Nova Scotia

Cannabis use among youth linked to lower income and education, say researchers

Young cannabis users may be less successful in education and work, according to research.

Increased debt, more symptoms of depression and anxiety also observed among study participants

A new 10-year Canadian study is looking at cannabis use among youth. (REUTERS/UESLEI MARCELINO)

Young cannabis users may earn less income than their peers, are less likely to earn university degrees and may have poorer health outcomes, according to research.

These are some of the findings from psychology professors Kara Thompson of St. Francis Xavier University in Antigonish, N.S., and Bonnie Leadbeater of University of Victoria that were published in the Canadian Journal of Behavioral Science and Prevention Science.

Researchers studied a decade of data from the Victoria Healthy Youth Survey, which followed 662 youth ages 12-to-18, observing how cannabis use unfolded over time.

The subjects were interviewed every two years about their substance use, mental health, accomplishments and general well-being.

On average, one in 10 of the young people in the study was identified as a chronic user — a person who used cannabis more than once a week by age 13 and into young adulthood.

Researchers identified several differences between this group and peers who used occasionally, or abstained altogether. 

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"These young people were four times less likely to have bachelor degrees," Thompson told CBC's Information Morning. "In their 20s, they were earning $6,500 less in annual salary, they had two times more debt and they also reported much higher symptoms of depression and anxiety in young adulthood, as well as oppositional behaviours and symptoms of ADHD."

Some youth in the chronic group also used alcohol, other substances, came from lower socio-economic backgrounds and had pre-existing mental health conditions. However, Thompson said the study controlled the impact of those factors.

"I think it highlights that cannabis is kind of part of a constellation of risks for some people," she said. "But this risk starts very, very early."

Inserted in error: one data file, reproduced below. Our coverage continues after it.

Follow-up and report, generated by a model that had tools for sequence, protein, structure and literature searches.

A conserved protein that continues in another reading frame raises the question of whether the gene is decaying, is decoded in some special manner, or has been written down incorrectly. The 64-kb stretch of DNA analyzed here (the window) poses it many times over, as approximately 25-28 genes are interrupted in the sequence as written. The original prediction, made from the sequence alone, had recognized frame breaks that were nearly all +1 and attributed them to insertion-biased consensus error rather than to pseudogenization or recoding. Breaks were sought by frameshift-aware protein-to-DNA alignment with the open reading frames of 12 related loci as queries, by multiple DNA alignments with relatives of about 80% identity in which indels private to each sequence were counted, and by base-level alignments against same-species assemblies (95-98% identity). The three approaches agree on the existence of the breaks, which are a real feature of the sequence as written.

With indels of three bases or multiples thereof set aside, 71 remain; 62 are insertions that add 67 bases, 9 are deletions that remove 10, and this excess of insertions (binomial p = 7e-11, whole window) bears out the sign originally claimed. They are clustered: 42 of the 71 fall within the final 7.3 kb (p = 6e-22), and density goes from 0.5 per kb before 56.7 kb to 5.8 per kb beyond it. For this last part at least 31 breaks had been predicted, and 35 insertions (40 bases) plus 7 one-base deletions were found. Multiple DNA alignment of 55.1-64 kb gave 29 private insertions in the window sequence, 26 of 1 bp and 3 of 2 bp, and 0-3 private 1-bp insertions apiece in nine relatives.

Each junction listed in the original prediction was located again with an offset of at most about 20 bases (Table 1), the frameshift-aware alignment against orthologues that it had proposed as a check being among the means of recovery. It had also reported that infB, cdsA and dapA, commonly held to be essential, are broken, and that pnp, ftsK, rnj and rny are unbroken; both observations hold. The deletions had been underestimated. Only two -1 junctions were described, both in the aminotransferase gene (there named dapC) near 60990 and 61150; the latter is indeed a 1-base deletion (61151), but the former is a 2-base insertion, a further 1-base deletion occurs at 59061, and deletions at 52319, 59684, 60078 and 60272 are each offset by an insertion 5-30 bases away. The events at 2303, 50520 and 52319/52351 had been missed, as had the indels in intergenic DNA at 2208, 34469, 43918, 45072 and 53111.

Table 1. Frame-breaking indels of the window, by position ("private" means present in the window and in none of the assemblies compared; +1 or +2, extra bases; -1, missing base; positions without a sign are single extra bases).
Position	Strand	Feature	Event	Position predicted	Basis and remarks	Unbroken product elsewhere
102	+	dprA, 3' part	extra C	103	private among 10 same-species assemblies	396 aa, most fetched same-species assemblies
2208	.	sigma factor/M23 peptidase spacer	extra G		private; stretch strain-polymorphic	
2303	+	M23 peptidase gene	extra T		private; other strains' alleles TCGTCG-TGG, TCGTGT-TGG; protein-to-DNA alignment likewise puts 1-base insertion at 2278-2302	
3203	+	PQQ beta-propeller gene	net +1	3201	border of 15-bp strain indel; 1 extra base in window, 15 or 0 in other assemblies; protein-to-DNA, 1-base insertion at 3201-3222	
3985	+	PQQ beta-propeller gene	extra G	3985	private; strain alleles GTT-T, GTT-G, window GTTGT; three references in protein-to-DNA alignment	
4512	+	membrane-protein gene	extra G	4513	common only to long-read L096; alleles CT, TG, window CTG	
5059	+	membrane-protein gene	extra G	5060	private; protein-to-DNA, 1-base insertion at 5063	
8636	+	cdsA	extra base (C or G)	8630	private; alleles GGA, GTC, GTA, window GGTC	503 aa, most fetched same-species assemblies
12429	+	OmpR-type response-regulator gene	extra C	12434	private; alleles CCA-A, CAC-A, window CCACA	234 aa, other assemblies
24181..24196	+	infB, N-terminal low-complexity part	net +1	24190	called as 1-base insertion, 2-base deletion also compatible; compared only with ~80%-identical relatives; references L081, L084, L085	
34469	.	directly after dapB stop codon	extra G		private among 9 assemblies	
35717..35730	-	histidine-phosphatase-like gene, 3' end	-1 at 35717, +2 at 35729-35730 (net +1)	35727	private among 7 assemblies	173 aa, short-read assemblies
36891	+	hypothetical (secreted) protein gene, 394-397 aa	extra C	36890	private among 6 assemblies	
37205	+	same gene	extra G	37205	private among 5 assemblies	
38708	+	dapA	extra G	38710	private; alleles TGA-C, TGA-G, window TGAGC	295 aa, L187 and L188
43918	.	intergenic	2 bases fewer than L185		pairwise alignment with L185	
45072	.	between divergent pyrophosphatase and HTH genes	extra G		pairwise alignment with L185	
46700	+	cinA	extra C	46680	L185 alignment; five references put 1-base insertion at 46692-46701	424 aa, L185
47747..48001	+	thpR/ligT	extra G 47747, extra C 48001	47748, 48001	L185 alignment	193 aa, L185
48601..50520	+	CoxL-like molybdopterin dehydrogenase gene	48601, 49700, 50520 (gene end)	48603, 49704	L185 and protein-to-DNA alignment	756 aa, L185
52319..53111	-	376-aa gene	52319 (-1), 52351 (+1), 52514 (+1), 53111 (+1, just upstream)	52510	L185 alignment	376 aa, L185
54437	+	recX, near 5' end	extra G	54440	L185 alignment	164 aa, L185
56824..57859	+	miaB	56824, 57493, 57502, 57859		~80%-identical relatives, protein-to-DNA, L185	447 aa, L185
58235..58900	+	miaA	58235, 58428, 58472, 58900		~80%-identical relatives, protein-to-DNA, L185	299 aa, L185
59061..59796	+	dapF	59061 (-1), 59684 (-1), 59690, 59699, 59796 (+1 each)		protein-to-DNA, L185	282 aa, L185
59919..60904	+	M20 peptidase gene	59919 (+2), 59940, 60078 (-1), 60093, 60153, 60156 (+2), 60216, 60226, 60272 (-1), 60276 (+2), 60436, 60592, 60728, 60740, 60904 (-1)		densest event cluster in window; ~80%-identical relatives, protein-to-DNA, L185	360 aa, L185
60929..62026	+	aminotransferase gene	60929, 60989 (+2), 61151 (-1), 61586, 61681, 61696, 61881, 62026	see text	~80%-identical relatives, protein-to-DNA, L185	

An effective public health approach to reducing youth cannabis use needs to also address these other factors, Thompson said.

She said there exists a limited understanding of the patterns and consequences of cannabis use in youth over time, something this large data set could help explain.

Call for youth-targeted warnings

With legalization of cannabis in Canada expected later this year, Thompson hopes the study will help shape health messages that will lead young people to make more informed decisions.

"We have warnings about hot tubs, we have warnings about cigarettes and opiates, we have warnings about side effects of medicine, like antibiotics. And so we need warnings for marijuana use as well."

The federal government aims to have cannabis legalized within the next few months. (CBC News)

Thompson said some of the impacts of chronic cannabis use are well established.

"We know that it can be addictive," she said. "We know that it can aggravate symptoms of anxiety and depression and psychosis.

"We know that you shouldn't mix it with alcohol or use while driving or operating machinery."

Researchers hope the findings will help inform future government and public health cannabis policies. 

With files from Information Morning